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Revised G20 Economic Projections for 2019 – OECD

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According to the Organization for Economic Cooperation and Development (OECD)’s and Interim Economic Outlook published in March 2019, global growth is slowing, showing signs of decoupling, with greater concern for Europe than the US, which is experiencing a slight slowdown.

The slowdown has been faster than anticipated a few months ago; growth in Europe has been particularly disappointing, as trade growth both within the EU and with external partners has stalled.

Business and consumer confidence has plummeted in advanced economies as trade tensions persist, and high levels of policy uncertainty in Europe linger, while the pace of China’s slowdown continues to raise concerns.

Factors that support growth

  • Eased financial conditions supported by major central banks’ decisions to pause monetary policy normalization
  • Labour market resiliency, with wage growth slowly picking up, which supports household income and spending

There are external factors as well as internal weaknesses that threaten growth, however. Laurence Boone, OECD Chief Economist, points to three major factors affecting the revision:

  • Continued uncertainty over trade policies even if the US and China conclude a trade agreement soon. President Trump’s mercurial economic policies mean that we cannot exclude the chance that other measures will be implemented later in 2019 or that new restrictions will be put in place in specific trade-sensitive sectors.
  • Uncertainty over China’s outlook. Vulnerabilities in Chinese and European markets could derail the global economy. China’s measures to stimulate its economy may not be effective, and Chinese corporate debt poses risks to financial stability. Boone says that by taking direct trade and confidence effects into account, the OECD’s simulations show that a decline of 2 percentage points in the growth rate of demand in China for two years would lower global GDP growth by over 0.5 percentage point in the first year.
  • Further weakening of the Chinese, German, Italian or the United Kingdom’s economies could quickly infect other European economies. As an OECD representative put it, “if China sneezes, we all catch a cold.” Also, the real costs of Brexit are beginning to show, with economic uncertainty having an impact on investment in the UK.

Governments must act now

The OECD recommends that governments intensify multilateral dialogue on trade, and coordinate “all levers of policy” to avoid a sharper downturn in the EU. Boone indicates that monetary policy normalization, which has been on pause in major economies due to rising uncertainty, weaker growth, and contained inflation, but he cautions that monetary policy “can and should not act alone”.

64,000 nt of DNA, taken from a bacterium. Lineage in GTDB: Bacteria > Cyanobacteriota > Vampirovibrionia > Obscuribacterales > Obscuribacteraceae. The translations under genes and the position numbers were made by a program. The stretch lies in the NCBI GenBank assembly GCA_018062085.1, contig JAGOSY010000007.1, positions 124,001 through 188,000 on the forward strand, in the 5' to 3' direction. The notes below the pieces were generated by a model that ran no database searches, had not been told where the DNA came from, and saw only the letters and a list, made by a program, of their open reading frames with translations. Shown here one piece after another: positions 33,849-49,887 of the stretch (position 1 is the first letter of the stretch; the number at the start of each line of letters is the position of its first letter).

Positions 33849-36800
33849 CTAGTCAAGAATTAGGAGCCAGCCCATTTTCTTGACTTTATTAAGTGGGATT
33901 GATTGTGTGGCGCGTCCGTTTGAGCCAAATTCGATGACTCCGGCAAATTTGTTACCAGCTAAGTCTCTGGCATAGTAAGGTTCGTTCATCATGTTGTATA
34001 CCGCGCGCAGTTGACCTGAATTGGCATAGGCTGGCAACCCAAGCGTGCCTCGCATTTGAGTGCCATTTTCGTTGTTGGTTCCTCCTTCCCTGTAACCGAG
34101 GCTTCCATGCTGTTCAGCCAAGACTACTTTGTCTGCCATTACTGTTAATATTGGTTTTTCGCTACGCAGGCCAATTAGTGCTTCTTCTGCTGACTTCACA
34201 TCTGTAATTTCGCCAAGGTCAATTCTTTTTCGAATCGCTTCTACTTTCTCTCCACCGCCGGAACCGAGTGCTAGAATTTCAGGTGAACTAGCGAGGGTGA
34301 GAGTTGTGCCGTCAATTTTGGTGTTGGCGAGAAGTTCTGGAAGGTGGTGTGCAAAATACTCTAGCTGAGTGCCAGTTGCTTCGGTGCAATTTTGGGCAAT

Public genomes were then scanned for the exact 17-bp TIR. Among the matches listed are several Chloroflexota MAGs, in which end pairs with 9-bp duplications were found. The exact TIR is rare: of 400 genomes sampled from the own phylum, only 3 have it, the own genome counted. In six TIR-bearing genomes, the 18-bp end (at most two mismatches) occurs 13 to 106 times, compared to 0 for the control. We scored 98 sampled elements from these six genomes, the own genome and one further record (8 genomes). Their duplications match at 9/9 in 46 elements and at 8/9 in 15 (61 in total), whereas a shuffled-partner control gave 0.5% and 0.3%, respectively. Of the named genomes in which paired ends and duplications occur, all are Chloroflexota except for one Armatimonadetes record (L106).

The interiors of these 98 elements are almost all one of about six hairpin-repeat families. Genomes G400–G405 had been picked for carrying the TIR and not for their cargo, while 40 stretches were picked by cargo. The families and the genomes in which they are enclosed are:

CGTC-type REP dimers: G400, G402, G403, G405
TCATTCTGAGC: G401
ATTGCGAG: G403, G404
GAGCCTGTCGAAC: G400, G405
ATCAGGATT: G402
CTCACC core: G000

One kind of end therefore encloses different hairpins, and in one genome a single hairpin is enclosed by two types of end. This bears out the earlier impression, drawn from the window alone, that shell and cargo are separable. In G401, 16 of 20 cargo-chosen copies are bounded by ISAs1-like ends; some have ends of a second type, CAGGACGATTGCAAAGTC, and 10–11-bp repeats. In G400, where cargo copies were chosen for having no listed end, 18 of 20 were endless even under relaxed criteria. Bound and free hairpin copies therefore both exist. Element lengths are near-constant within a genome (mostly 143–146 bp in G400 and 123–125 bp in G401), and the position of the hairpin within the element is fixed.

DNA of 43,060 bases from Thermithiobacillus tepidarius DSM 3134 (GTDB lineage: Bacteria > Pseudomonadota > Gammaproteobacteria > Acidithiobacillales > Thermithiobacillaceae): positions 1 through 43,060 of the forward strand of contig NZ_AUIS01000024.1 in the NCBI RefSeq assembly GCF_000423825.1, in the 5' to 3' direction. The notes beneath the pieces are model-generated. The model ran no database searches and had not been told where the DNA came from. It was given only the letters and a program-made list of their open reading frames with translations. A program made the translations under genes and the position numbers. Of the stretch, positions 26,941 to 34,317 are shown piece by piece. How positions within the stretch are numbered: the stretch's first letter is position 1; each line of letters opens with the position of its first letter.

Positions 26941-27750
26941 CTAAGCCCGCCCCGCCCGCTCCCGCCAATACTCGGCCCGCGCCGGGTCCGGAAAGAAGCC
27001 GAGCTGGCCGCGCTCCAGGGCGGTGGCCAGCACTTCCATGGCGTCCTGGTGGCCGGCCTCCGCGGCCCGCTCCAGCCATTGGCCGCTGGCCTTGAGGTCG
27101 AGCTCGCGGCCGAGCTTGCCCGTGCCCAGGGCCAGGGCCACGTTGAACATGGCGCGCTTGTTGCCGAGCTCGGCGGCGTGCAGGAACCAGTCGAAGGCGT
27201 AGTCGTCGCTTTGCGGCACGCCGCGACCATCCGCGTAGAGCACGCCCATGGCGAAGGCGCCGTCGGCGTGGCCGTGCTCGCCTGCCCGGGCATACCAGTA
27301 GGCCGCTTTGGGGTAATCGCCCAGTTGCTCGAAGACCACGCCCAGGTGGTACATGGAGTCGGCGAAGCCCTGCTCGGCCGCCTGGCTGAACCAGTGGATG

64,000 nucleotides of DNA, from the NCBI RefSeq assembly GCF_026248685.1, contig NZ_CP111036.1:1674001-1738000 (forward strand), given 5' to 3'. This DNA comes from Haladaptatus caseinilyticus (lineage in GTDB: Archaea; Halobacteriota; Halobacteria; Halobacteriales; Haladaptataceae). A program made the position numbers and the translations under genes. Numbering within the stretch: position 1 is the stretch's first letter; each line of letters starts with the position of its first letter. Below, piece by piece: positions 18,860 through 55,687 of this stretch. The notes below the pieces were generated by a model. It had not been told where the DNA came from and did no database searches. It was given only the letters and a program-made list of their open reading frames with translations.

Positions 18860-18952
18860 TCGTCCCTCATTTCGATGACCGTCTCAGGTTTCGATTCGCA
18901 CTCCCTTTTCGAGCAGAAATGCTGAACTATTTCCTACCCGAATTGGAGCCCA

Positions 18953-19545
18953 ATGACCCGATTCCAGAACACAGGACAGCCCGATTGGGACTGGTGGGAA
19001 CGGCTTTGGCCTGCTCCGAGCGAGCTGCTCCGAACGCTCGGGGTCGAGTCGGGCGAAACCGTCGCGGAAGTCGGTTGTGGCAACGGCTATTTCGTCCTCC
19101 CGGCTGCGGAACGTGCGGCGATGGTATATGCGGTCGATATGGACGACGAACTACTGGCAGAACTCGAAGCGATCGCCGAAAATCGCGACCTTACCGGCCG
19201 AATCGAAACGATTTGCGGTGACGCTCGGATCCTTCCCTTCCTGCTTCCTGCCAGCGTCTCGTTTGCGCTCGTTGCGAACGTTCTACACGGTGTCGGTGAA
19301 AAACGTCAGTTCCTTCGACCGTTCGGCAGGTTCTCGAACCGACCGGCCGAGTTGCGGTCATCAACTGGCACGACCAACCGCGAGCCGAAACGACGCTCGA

Instead, EU governments should take advantage of accommodative monetary conditions, while coordinating “fiscal and structural policies to revive growth both in the short and medium term.”

Boone further writes:

“A moderate fiscal stimulus in countries that have fiscal space, targeted at public investment, would lift growth during the time it takes for structural reforms to deliver their full effect. On the structural front, there is ample scope for reforms to encourage innovation and business dynamism in Europe by streamlining permits and licenses, improving the transparency of regulation and reducing barriers to entry in network industries, professional services and retail sector.

The coordinated fiscal and structural policy action would also benefit workers and give a necessary boost to wages. But more importantly, the coordinated action could lift confidence in governments’ capacity to reap the full benefits of the Euro area. Euro area governments would show, that by acting together they can lift growth and improve the lives of all. This would demonstrate that Europe is stronger than its individual member states.”

Further information and analysis can be viewed on this page of the OECD website.

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